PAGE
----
government rebuilt schools and roads on the islands.
Conflict also arose in China. European nations had divided
China into spheres of influence, or areas where specific
nations could conduct trade. U.S. Secretary of State John Hay
notified foreign nations that America expected equal access to
trade in China.
However, nationalist groups in China were angry at the
presence of foreigners. They launched the Boxer Rebellion in
1900. The uprising was put down by outside troops. The U.S.
government once again asked for an Open Door Policy, which
would allow America to trade freely in China. The United
States wanted to trade with, not colonize, China.
The U.S. experience with Japan saw both high and low
points. In 1905, President Roosevelt helped to end the
Russo-Japanese War, a war between Russia and Japan. But
later, tensions erupted between Japan and America. Japan was
angry at the poor treatment of Japanese children by the San
Francisco School Board. The President made a “Gentlemen’s
Agreement” with Japan. According to the agreement, the school
board would end the poor treatment of Asians while Japan
would limit the number of people moving to the United States.
Roosevelt promoted both diplomacy and military strength.
He won congressional support for the Great White Fleet. This
new force of navy ships was sent around the world to demonstrate America’s military power.
Review Questions
1. What problem did U.S. forces face in the Philippines?
2. What was the Open Door Policy?
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Note Taking Study Guide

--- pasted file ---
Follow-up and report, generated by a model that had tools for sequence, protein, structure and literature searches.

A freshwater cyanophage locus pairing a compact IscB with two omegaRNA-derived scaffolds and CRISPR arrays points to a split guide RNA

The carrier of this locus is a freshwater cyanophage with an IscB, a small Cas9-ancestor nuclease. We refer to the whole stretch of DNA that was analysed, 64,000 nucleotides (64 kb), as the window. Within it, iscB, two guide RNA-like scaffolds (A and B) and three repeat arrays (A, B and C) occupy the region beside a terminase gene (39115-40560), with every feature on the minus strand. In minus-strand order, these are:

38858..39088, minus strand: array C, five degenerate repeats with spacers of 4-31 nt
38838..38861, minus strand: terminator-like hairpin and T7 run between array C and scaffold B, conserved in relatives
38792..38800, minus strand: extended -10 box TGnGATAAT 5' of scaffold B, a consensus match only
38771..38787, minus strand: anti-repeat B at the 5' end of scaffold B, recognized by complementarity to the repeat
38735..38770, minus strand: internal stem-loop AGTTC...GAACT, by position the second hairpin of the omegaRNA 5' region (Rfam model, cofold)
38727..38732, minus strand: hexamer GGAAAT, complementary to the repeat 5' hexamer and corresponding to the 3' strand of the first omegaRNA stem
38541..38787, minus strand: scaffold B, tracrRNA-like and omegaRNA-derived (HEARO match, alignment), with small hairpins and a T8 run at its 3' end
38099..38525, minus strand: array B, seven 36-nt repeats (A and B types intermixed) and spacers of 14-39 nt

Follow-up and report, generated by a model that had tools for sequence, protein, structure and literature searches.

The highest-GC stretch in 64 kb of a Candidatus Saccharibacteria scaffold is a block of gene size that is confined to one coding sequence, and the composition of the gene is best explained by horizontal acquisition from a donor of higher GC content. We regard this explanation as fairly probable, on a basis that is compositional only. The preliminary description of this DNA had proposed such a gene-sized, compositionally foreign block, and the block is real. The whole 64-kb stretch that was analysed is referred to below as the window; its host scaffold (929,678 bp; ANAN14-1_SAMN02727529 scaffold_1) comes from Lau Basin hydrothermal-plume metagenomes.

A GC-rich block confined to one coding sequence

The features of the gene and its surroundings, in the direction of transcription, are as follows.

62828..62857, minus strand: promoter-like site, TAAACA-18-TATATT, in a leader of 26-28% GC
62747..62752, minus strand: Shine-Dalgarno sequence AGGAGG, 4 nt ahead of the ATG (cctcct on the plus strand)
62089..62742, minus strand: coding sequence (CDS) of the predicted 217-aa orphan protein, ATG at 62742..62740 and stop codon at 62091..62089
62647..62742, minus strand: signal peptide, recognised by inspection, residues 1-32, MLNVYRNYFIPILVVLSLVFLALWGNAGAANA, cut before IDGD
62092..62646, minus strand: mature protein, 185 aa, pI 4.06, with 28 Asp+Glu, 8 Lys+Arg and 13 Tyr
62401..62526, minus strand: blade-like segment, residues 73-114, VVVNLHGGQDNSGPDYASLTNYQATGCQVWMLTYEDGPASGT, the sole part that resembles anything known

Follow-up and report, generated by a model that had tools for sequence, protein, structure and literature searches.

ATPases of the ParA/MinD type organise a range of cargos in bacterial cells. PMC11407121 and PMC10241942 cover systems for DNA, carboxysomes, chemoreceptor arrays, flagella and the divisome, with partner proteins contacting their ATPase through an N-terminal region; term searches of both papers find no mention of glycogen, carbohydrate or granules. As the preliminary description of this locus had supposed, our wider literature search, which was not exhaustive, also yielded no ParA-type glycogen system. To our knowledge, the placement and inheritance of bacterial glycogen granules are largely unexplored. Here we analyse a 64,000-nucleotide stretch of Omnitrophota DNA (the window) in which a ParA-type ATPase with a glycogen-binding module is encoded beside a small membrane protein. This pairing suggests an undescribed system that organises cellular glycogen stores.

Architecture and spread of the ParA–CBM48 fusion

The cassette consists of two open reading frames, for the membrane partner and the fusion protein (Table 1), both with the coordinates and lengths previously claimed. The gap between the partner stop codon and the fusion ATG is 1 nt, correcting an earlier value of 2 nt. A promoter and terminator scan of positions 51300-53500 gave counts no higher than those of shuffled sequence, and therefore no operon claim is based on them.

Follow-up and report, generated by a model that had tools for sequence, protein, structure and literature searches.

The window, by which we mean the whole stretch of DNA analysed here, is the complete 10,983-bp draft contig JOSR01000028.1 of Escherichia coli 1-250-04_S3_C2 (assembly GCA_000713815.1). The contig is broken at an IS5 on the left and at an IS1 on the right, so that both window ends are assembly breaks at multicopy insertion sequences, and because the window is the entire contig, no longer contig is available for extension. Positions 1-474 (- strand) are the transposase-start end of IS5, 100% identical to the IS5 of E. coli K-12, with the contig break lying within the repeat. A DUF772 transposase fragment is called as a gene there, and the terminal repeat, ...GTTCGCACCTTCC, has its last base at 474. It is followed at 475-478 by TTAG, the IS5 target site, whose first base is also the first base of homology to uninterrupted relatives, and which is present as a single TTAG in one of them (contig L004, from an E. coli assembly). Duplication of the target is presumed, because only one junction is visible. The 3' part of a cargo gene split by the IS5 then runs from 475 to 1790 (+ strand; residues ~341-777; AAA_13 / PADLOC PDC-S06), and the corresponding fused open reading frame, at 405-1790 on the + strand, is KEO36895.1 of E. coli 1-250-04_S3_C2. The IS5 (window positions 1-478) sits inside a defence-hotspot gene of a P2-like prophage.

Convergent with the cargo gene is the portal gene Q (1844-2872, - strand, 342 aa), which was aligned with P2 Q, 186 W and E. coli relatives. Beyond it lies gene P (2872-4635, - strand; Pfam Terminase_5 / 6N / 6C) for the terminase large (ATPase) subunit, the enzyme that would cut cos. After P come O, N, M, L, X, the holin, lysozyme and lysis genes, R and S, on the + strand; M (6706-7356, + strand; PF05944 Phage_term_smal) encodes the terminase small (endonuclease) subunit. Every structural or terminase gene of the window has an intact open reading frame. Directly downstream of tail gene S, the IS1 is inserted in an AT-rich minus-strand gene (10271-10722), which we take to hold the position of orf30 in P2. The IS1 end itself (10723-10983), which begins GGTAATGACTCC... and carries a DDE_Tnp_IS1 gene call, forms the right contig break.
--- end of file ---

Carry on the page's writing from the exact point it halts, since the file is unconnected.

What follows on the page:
THE UNITED STATES AND LATIN AMERICA
Focus Question: What actions did the United States take to achieve its
goals in Latin America?
A. Complete the table below to note how the United States dealt with Puerto Rico
and Cuba.
TIP: Look for clues in headings throughout the section.
American Policy After Spanish-American War
Puerto Rico
Cuba
• Foraker Act establishes civil
government in 1900
• Treaty of Paris grants Cuban
independence
•
•
•
•
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Note Taking Study Guide
THE UNITED STATES AND LATIN AMERICA
Focus Question: What actions did the United States take to achieve its
goals in Latin America?
B. As you read, compare Wilson’s moral diplomacy with the foreign policies of
Roosevelt and Taft by completing the flow chart below.
TIP: Search for each president’s name and the policies they pursued.
United States Foreign Policy
Roosevelt
•
Taft
• “Dollar diplomacy”
•
Wilson
• “Moral diplomacy”
•
•
•
• Supported rebellion